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Critics say that, unless the $1.4 billion fiscal plan in Minneapolis is turned in soon, there won’t be enough time to review it before public hearings begin next month.
Minneapolis Mayor Betsy Hodges has until Friday to produce a week-overdue completed 2018 budget for the city. If her office fails to hit the deadline, the mayor will have to explain the delay in court to Hennepin County Judge Mary Vasaly.
City Attorney Susan Segal said that the judge had merely issued Hodges “a scheduling order.” But that court order had come in response to a complaint.
The budget was due Aug. 15. When it had yet to appear late last week, Minneapolis Board of Estimate and Taxation member Carol Becker filed a complaint with the court. As the Star Tribune reported, Becker pointed out that the Minneapolis charter required the city’s chief executive to turn in a completed financial proposal early enough to give officials, staffers and members of the public enough time to review it.
On the day the budget was due, Hodges delivered instead a rough $1.4 billion outline. She proposed raising property tax revenue by 5.5 percent. She is scheduled to give a speech presenting the official budget plan on Sept. 12. Public hearings on the proposal are scheduled to begin the next day. The city council typically approves an amended budget sometime in December.
Hodges explained that she has been busy in the wake of the baffling Minneapolis police shooting of Australian national Justine Damond and a gas explosion at a local high school that killed two people and injured nine. She also said she is waiting for the city’s new police chief to review the budget plan before she finishes it.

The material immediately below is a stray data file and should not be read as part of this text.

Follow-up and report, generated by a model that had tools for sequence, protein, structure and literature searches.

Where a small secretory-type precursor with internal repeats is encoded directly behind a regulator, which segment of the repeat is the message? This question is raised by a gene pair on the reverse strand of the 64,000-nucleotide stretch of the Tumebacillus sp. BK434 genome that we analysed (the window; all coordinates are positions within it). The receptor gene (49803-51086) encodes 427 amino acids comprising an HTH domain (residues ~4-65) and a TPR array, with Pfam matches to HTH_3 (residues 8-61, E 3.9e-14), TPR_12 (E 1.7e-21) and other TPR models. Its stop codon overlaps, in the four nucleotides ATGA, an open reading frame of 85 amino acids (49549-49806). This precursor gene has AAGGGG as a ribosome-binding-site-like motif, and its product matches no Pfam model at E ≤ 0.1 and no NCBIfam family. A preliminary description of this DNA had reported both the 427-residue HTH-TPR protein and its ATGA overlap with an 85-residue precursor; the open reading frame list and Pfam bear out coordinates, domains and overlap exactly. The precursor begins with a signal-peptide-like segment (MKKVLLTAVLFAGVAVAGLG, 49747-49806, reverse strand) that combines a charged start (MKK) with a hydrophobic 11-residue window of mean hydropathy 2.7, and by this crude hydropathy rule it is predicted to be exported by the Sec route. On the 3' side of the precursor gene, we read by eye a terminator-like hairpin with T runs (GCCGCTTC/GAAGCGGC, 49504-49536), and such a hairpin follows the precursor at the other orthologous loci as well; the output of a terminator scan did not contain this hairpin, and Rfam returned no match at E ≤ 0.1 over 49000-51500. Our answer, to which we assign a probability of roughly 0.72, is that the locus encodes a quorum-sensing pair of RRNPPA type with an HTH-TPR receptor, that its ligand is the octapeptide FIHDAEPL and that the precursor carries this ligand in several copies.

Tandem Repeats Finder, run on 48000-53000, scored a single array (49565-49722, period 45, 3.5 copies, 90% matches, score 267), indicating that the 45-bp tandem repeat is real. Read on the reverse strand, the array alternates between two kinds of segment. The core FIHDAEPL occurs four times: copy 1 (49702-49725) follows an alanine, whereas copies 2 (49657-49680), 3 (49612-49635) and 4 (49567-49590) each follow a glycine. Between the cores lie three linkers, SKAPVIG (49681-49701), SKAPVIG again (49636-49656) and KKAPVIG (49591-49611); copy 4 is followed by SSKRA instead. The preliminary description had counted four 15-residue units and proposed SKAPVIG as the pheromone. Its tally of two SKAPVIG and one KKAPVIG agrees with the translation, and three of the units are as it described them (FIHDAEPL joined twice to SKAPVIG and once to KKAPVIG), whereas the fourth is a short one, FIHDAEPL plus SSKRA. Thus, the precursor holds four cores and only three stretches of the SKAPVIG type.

Hodges this week is also weathering local news reports that she had traveled to Los Angeles in the immediate aftermath of Damond’s death. While reporters from around the world were descending on the city, Hodges was eating dinner at the Wilshire Country Club, raising money for her reelection campaign.
Selling budget proposals rarely goes as smoothly as budget authors would hope, and Hodges is hitting bumps even before debate has officially begun.
Indeed, tensions around government budgets seem to be running particularly high this year. The budget drama in Minneapolis is another addition to an ongoing national story that has starred state lawmakers and governors.
Eight states this year failed to pass a budget on time. Four states endured partial government shutdowns. When members of the Illinois House voted in July to override a Gov. Bruce Rauner veto, they managed to at last pass a spending plan that had stalled for more than two years. The Associated Press reported that it had been “the nation’s longest fiscal stalemate since at least the Great Depression.”
John Tomasic is a journalist who lives in Seattle, Washington.